The Art of Flowing Data: An interview with Dr Nathan Yau

Features

  • Author: Statistics Views
  • Date: 25 Nov 2015

Dr Nathan Yau is best known for his popular blog, Flowing Data, which explores how statisticians, designers, data scientists, and others use analysis, visualization, and exploration to understand data and ourselves. The blog has roughly 45,000 followers on Twitter with around 550,000 page views per month.

Yau obtained his PhD in statistics from UCLA. His dissertation was on personal data collection and how we can use visualization in the everyday context. That expands to more general types of data and visualization and design for a growing audience.

He has also written three books on visualization for Wiley and the series continues to grow. Statistics Views talks to Dr Yau about running Flowing Data and his work.

thumbnail image: The Art of Flowing Data: An interview with Dr Nathan Yau

1. Congratulations on the success of your book, Visualize This: The Flowing Data Guide to Design, Visualization and Statistics which is a practical guide on visualization and how to approach real-world data. How did the writing process begin?

For FlowingData, I feature the work of others along with my own visualization projects. One of the most common questions I get is, "How did you make that?" So I tried to answer that basic question with Visualize This. There are a lot of books about visualization, but when I wrote Visualize This, only a small percentage described how to visualize data.

2. Who should read the book and why? Those who want to present or explore data.

The book contains tutorials which teach the reader how to create graphics that tell stories with real data. The reader can learn how to make statistical graphics in R, design in Illustrator, and create interactive graphics in JavaScript and Flash & Actionscript.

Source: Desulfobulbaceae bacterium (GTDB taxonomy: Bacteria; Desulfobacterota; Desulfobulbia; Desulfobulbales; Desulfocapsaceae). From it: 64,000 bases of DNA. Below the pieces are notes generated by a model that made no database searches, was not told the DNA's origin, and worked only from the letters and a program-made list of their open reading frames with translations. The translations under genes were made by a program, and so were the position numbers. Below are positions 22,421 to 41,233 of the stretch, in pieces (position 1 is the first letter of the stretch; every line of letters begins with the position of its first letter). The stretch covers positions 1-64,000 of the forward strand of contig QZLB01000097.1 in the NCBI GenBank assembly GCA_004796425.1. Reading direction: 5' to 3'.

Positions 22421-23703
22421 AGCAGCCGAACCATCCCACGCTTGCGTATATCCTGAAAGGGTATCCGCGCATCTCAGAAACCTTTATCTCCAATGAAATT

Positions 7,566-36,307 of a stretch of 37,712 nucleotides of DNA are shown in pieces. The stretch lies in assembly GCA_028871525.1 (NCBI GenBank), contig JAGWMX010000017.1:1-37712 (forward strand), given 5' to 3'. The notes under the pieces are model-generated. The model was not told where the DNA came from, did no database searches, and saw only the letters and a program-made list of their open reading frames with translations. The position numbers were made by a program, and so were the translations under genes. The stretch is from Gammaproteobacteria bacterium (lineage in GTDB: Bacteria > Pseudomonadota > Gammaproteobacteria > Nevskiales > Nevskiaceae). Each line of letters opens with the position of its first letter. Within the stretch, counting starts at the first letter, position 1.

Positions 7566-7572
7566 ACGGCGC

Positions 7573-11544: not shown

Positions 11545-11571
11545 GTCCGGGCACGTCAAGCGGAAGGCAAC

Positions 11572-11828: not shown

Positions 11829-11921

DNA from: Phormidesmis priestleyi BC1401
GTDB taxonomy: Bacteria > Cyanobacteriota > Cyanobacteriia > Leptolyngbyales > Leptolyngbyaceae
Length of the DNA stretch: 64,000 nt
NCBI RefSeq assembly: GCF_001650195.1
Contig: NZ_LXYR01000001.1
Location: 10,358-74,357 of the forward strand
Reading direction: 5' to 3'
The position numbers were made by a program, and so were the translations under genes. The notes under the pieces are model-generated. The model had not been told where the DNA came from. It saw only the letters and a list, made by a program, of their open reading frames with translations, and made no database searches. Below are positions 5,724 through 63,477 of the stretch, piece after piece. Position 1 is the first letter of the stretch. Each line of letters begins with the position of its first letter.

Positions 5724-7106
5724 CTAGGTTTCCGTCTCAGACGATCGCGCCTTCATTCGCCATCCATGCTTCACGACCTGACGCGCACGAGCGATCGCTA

3. Was this one of your original objectives in writing this guide to make its appeal hands on?

Yeah, hands-on with real data was my main objective. I imagined going back to my old self, when I was first starting to learn visualization. Like many, I began with the Edward Tufte books and some related ones, but when it was time to actually work with data, I felt stuck.

4. You begin though with a description of the huge growth of data and visualization in industry, news, and government the book reveals opportunities for those who tell stories with data. The book then moves on to actual human stories and trends in data and statistics. Did you draw upon your own experience as a graduate student to write these stories or are they those from friends and colleagues?

When I started graduate school, there was no iPhone yet and smartphones were barely a thing yet. And then a couple of years in, there was a boom. I remember I was in a meeting with my workgroup – we were exploring how we could repurpose mobile phones as data collection devices – and someone asked, "Should we take a look at this iPhone thing?" So yeah, graduate school played a role, but I tend to keep my eye on this stuff since it's my job now with FlowingData.

5. What is it about the area of data visualization that fascinates you?

A lot of things, but in short, I'm curious how visualization can be used to help people who aren't data professionals understand data. How much complexity can they take?

People new to visualization really like "rules" to follow. Like use only this chart for this type of data or never use this chart. In practice, the "rules" have a lot of bend to them, but it's hard to convey that to someone who hasn't worked with a lot of data yet.

6. Why is this book of particular interest now?

There's a lot of data to be play with.

7. What were your main objectives during the writing process? What did you set out to achieve in reaching your readers?

I knew a lot of readers of the book would be FlowingData readers, where I tend to keep things light. I wanted the book to match the tone of the site. Writing and talking about data tends to be dry and sometimes a challenge to sit through. It's fun though.

8. Were there areas of the book that you found more challenging to write, and if so, why?